27 American Blind should not be compelled to further answer this request for admission.
28
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1 F. American Blind will provide Google with the requested information


regarding Google’s Second Set of Interrogatories.
2

3 American Blind has agreed to provide Google with the dates that correspond to the name

4 changes referred to in American Blind’s Answer to Google’s First Interrogatory in its Second Set

5 of Interrogatories. This will be done prior to the due date for Google’s reply.

6 G. All Kaden documents have been produced.


7 As of September 19, 2006, American Blind had produced all Kaden documents in its

8 possession and control and assured Google that The Kaden Company (“Kaden”) had confirmed

9 that it did not possess any additional materials. (See Plater Decl. Ex. A.) At Google’s request,

10 American Blind contacted Kaden to determine if Kaden had any additional materials regarding

11 the studies it had conducted for American Blind. (Plater Decl. Ex. G.) Kaden responded that it

12 did not have anything other than the DVDs of the session — which have already been produced

13 to Google. (Id.) This, however, did not satisfy Google. Google continued to raise this as an

14 issue in its September 21, 2006 correspondence. American Blind went one step further to assure

15 Google that it had asked Kaden to provide anything and everything regarding the American Blind

16 studies. To that end, Jeffery Alderman of American Blind spoke with Kaden by telephone, again

17 asking Kaden to review all of its files (electronic and paper) to look for any additional

18 documentation regarding the focus groups conducted on American Blind’s behalf. Mr. Alderman

19 informed Kaden that it was critical that Kaden send American Blind any documents, including

20 but not limited to meeting notes, phone call notes and interview screening questionnaires. Kaden

21 again stated the only thing the company sometimes keeps is the tapes or DVDs of the focus

22 groups. This information was all conveyed to Google by telephone conference on September 25,

23 2006. Google, however, refused to withdraw this issue from submission to the Court.

24 Based on the foregoing, American Blind has more than fulfilled its discovery obligation

25 regarding the Kaden Studies. There is nothing further American Blind can provide, and nothing

26 more to compel.

27

28
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1 H. American Blind has produced all documents regarding the “American


Wallpaper Survey.”
2

3 American Blind has repeatedly conveyed to Google, in multiple letters and by telephone

4 conference on September 25, 2006, that it does not possess any additional materials regarding the

5 American Wallpaper Survey. Google, however, refuses to accept this answer and likewise

6 refused to withdraw this issue from submission to the Court.

7 As of September 25, 2006, American Blind has indicated that it has again searched for any

8 additional materials regarding this survey and none were turned up. This is at least the third time

9 a search has been conducted to locate any additional documents regarding this survey. It was

10 explained to Google that American Blind had concluded that the survey questions and

11 methodology was most likely created by a number of ex-employees including Steve Katzman,

12 Sam Stephens and possibly Ron Myers and that was why no additional materials could be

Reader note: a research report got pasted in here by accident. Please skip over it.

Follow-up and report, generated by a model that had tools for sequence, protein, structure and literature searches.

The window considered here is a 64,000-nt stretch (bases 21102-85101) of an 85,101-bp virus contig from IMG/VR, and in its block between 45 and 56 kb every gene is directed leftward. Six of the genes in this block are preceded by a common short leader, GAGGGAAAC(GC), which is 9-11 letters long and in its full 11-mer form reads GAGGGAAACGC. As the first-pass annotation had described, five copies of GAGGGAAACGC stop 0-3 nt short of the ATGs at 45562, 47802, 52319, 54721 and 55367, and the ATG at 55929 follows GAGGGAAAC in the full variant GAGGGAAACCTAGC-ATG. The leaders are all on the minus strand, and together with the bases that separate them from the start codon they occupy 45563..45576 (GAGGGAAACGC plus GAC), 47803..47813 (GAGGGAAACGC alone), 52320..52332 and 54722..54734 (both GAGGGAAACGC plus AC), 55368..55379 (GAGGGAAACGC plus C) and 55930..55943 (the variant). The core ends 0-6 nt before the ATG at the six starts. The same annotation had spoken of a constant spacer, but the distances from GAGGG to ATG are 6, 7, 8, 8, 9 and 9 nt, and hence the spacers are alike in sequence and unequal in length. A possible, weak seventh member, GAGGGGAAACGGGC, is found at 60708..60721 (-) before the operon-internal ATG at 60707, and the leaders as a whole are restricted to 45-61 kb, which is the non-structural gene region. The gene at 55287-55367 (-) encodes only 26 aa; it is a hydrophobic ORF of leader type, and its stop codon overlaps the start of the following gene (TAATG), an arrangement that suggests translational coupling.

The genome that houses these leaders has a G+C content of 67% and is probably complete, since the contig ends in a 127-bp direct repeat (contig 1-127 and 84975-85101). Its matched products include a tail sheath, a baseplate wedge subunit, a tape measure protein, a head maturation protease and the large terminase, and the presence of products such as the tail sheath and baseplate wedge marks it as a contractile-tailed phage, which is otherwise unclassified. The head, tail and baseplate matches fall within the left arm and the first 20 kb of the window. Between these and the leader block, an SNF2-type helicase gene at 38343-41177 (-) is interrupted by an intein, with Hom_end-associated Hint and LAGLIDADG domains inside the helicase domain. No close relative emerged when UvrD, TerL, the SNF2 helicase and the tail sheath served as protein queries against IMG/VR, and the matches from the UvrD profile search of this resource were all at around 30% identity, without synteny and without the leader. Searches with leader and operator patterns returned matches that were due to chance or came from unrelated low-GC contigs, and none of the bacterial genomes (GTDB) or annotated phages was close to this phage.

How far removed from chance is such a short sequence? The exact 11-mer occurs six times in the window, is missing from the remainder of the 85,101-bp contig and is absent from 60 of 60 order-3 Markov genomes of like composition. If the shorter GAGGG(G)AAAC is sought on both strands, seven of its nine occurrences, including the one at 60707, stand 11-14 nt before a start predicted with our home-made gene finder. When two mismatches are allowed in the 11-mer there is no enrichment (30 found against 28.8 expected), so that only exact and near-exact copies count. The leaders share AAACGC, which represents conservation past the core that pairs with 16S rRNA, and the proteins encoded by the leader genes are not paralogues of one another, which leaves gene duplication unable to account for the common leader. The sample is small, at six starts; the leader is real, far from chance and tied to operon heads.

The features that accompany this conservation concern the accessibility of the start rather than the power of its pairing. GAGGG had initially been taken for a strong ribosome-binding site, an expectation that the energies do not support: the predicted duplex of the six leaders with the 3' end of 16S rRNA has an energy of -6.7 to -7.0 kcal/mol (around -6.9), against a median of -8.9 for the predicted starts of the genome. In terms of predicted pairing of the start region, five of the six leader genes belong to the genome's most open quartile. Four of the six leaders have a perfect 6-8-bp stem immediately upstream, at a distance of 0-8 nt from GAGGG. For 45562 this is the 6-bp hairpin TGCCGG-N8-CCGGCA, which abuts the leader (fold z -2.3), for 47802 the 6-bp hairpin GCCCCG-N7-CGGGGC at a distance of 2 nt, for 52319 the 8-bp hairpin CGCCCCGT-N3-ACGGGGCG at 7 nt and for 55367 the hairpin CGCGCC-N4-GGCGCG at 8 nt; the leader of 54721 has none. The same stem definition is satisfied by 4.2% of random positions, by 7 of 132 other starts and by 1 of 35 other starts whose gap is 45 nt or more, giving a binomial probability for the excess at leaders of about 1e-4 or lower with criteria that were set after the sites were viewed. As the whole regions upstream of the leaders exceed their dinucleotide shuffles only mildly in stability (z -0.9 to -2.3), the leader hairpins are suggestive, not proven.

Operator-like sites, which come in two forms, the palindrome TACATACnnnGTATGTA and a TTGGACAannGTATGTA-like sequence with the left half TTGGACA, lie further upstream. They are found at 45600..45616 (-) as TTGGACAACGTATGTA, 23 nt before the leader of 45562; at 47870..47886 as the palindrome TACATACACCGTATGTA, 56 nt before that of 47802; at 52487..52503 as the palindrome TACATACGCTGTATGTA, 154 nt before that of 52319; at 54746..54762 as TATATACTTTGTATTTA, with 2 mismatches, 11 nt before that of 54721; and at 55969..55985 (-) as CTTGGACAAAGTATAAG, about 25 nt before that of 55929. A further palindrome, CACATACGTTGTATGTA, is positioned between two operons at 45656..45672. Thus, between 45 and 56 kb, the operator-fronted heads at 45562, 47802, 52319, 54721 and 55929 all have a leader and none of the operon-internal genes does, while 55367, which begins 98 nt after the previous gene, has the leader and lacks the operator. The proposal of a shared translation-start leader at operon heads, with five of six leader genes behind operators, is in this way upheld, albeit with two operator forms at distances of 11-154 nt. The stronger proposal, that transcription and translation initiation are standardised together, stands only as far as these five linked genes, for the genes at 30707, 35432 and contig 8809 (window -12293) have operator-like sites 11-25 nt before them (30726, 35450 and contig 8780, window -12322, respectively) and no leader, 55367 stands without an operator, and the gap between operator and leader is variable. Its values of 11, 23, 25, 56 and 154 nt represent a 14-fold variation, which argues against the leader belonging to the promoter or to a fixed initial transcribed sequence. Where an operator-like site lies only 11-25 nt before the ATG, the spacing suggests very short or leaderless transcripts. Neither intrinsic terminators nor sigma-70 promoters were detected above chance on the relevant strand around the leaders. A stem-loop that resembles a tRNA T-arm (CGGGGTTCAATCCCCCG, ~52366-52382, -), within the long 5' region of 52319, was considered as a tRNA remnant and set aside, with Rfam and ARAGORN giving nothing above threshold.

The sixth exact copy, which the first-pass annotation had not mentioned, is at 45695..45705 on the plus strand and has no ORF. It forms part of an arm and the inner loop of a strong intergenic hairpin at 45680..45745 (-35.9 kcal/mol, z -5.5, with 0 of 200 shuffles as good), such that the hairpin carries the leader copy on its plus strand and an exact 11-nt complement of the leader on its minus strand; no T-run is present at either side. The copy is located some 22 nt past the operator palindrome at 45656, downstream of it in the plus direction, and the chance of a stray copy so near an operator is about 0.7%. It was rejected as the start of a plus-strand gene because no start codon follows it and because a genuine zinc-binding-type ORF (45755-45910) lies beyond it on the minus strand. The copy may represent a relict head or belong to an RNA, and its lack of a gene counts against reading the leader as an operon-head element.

13 located. As of the date of this filing, counsel for American Blind has requested that American

14 Blind search the email of these departed employees for any responsive material, if that is possible

15 and if that was not done in the prior three searches. If any additional materials are recovered,

16 they will be produced immediately.

17 I. The issue regarding ABWF 1308-1310 is moot.


18 In its September 21, 2006 letter, Google agreed that this issue is now moot. (See Plater

19 Decl., Ex. B at p. 4.)

20 J. American Blind’s document production complies with Fed. R. Civ. P. 34(b).


21 American Blind has informed Google that it has produced its documents as they are kept

22 in the usual course of business and has provided an index and description of the documents, by

23 Bates range, for the documents produced.5 This is more than sufficient under Rule 34(b), which

24 allows American Blind to either produce documents “as they are kept in the usual course of

25 business or shall organize and label them to correspond with the categories in the request.” Fed.

26 5
American Blind acknowledges that it did not provide an index or description by Bates
27 range for one shipment of document to Google in October 2005. American Blind
maintains that this is not explicitly required by Rule 34(b). If, however, the Court
28 requires, American Blind will do so.
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1 R. Civ. P. 34(b).
2 Courts have noted that Rule 34 does not explain what it means to produce documents “as
3 they are kept in the usual course of business.” See Cardenas v. Dorel Juvenile Group, Inc., 230
4 F.R.D. 611, 618 (D. Kan. 2005); Williams v. Taser Int’l Inc., 2006 WL 1835437 (N.D. Ga. June
5 30, 2006). The fact that American Blind produced its documents as they are kept in the usual
6 course of business and also provided an index and description of the documents, by Bates range,
7 is in accord with what courts have required when the organization of a production has been
8 challenged. See Williams, 2006 WL 1835437 *7 (while party had the option to produce
9 documents as they are kept in the ordinary course of business, it also had an obligation to
10 organize the documents in such a manner that other party may obtain, with reasonable effort, the